<tbody id="4f9ya"><p id="4f9ya"></p></tbody>

<tbody id="4f9ya"></tbody>

    <menuitem id="4f9ya"><dfn id="4f9ya"></dfn></menuitem>

    <track id="4f9ya"></track>

    <nobr id="4f9ya"></nobr>
    <tbody id="4f9ya"><nobr id="4f9ya"><address id="4f9ya"></address></nobr></tbody>
          <tbody id="4f9ya"><nobr id="4f9ya"><address id="4f9ya"></address></nobr></tbody>

          Greener Power

          By investing in clean, green energy at scale, we are both powering our stores with renewable energy, reducing our environmental impact, and supporting access to green power in the communities in which we operate.

          Renewable energy is a key climate mitigation strategy and has an overall positive impact to local air quality through a reduction in pollution tied to traditional brown power plants. In 2004, Starbucks undertook its first-ever inventory of its own greenhouse gas emissions. That analysis revealed that 70 percent of emissions came from the purchase of electricity to power stores.

          We have invested in renewable energy since 2005, steadily increasing our purchases of renewable energy certificates until we achieved our goal of obtaining 100 percent of the electricity powering global company-operated stores from renewable sources in 2015.

          As we embark on the next chapter of our renewable energy strategy, we continue to use our scale to drive innovation across the renewable energy sector. We are taking the next step with direct investments in new geographically relevant renewable energy projects. In North Carolina, we have invested in a 140,000-acre solar farm which delivers enough clean energy to power more than 600 Starbucks stores in state and neighboring Virginia, Delaware, Kentucky, Maryland, West Virginia and Washington, D.C. And in Washington state, we’re working with Puget Sound Energy to power more than 100 Starbucks stores and our roasting facility in Kent, with wind power from a wind farm in nearby Olympia.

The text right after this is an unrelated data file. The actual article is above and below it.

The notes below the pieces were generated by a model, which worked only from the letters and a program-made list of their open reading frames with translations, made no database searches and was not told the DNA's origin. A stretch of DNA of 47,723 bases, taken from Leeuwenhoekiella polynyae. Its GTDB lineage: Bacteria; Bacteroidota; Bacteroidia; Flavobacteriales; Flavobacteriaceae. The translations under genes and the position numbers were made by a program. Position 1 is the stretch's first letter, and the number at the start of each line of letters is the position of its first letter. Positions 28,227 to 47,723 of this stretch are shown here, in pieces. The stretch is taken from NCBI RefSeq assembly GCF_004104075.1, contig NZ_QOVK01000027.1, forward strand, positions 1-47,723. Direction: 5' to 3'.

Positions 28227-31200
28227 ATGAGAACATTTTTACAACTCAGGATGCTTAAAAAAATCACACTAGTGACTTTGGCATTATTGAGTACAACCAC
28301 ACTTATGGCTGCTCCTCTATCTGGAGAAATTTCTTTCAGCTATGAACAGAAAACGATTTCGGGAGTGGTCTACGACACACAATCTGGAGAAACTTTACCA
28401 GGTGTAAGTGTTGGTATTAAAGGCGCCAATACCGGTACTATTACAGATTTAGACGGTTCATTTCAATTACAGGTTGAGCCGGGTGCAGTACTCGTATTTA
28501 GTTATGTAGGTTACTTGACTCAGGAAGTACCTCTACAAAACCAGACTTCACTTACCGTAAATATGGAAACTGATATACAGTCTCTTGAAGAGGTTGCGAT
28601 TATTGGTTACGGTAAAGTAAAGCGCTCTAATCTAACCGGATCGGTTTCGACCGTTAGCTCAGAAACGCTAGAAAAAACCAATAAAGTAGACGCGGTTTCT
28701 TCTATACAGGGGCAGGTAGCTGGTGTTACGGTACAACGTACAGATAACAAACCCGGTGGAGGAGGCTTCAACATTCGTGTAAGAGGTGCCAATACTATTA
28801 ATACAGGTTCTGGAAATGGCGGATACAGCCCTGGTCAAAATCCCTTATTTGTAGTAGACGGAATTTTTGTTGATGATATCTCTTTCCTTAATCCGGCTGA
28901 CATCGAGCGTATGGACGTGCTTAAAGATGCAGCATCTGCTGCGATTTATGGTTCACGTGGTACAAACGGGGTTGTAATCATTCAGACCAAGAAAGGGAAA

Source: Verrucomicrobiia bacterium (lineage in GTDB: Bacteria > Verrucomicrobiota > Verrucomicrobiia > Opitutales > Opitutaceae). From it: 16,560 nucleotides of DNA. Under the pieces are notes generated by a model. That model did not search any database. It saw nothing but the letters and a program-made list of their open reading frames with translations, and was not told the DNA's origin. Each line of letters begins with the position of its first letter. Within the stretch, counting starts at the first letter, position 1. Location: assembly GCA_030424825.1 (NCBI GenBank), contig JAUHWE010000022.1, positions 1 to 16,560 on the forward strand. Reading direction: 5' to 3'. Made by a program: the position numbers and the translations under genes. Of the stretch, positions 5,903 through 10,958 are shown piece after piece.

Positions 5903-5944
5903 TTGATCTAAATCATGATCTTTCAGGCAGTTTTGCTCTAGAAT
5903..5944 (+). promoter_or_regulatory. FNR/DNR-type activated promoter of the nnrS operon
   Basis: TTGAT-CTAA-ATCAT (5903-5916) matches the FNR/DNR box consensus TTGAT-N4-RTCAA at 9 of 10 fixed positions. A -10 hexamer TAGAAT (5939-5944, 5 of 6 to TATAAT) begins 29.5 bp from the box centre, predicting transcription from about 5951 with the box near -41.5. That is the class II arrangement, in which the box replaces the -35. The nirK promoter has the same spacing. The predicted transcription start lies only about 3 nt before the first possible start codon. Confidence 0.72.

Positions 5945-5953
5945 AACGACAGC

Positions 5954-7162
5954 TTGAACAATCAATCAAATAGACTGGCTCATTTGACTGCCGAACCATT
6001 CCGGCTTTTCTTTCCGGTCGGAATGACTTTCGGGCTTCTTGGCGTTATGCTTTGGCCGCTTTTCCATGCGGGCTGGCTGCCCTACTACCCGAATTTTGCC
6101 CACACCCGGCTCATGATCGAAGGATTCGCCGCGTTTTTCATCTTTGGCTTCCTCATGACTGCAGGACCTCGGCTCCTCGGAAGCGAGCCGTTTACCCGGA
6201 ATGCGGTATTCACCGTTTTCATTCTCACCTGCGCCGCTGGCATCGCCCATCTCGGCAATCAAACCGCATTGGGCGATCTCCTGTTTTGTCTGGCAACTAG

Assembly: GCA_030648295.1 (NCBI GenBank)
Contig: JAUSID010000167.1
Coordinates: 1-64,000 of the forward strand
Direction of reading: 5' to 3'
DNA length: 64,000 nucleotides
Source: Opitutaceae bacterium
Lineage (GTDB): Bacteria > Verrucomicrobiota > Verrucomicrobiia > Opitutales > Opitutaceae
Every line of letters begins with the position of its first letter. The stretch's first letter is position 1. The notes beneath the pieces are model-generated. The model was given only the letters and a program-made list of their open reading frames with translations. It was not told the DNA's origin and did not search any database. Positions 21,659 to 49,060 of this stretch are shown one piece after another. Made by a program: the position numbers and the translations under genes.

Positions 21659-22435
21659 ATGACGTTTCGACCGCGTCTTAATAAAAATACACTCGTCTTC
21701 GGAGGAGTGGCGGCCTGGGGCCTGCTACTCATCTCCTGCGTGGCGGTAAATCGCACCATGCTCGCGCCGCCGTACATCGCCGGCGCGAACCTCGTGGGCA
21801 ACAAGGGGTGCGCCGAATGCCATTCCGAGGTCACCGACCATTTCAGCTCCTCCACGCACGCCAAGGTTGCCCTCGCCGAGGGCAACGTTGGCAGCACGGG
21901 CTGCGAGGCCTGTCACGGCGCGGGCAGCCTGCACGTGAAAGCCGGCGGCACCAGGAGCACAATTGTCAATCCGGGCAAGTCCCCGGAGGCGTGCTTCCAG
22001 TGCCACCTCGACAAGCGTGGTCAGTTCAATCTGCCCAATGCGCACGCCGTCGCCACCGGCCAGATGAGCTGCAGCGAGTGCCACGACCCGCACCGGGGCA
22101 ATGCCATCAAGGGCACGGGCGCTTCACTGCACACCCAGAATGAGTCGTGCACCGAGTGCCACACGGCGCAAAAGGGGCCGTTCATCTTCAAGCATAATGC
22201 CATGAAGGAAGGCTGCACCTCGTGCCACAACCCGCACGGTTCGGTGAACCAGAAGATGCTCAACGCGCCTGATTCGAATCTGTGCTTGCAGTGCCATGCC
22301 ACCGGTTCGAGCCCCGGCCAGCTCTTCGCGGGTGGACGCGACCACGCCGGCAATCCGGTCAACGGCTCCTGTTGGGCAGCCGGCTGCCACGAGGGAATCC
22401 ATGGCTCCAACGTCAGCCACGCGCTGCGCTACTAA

In 2015, Starbucks joined with other companies in the commitment to 100 percent renewable energy through membership with RE100 and adherence to the RE100 Buyers Principles to improve our global reporting and purchasing methodology.

          We are working to source 100 percent renewable energy for global store operations as well as our global supply chain, headquarters and office locations. We are committed to purchasing renewable energy for each global market from projects in the same grid region and promoting local renewable energy generation in all of the global communities where we operate.

          Investing in Renewable Energy

          In addition to reducing our energy use, we are also focused on advancing renewable energy sources through our purchasing practices and investments. For 2019, we remained one of the Environmental Protection Agency’s top purchasers of renewable energy in the U.S.

          In 2018, Starbucks made direct investments in wind and solar energy. In North Carolina, a 140,000 acre solar farm delivers enough clean energy to power the equivalent of the energy consumed by 600 Starbucks stores in state and neighboring Virginia, Delaware, Kentucky, Maryland, West Virginia and Washington, D.C. In addition, two wind projects will launch in 2019 to power 116 Seattle-area stores and the nearby Kent Roasting Plant and 360 stores in Illinois.

          The Green-E certified Renewable Energy Certificates (RECs) we purchase encourage the development of new clean-energy sources by providing wind-farm owners with additional revenue. This, in turn, helps the wind farmers sell electricity at prices competitive with power plants that use fossil fuels. We are proud to have purchased RECs equivalent to 100% of the energy used in our U.S. and Canada company-operated stores through 2018. We are working with our international market partners to identify and plan for purchasing more locally relevant renewable energy going forward.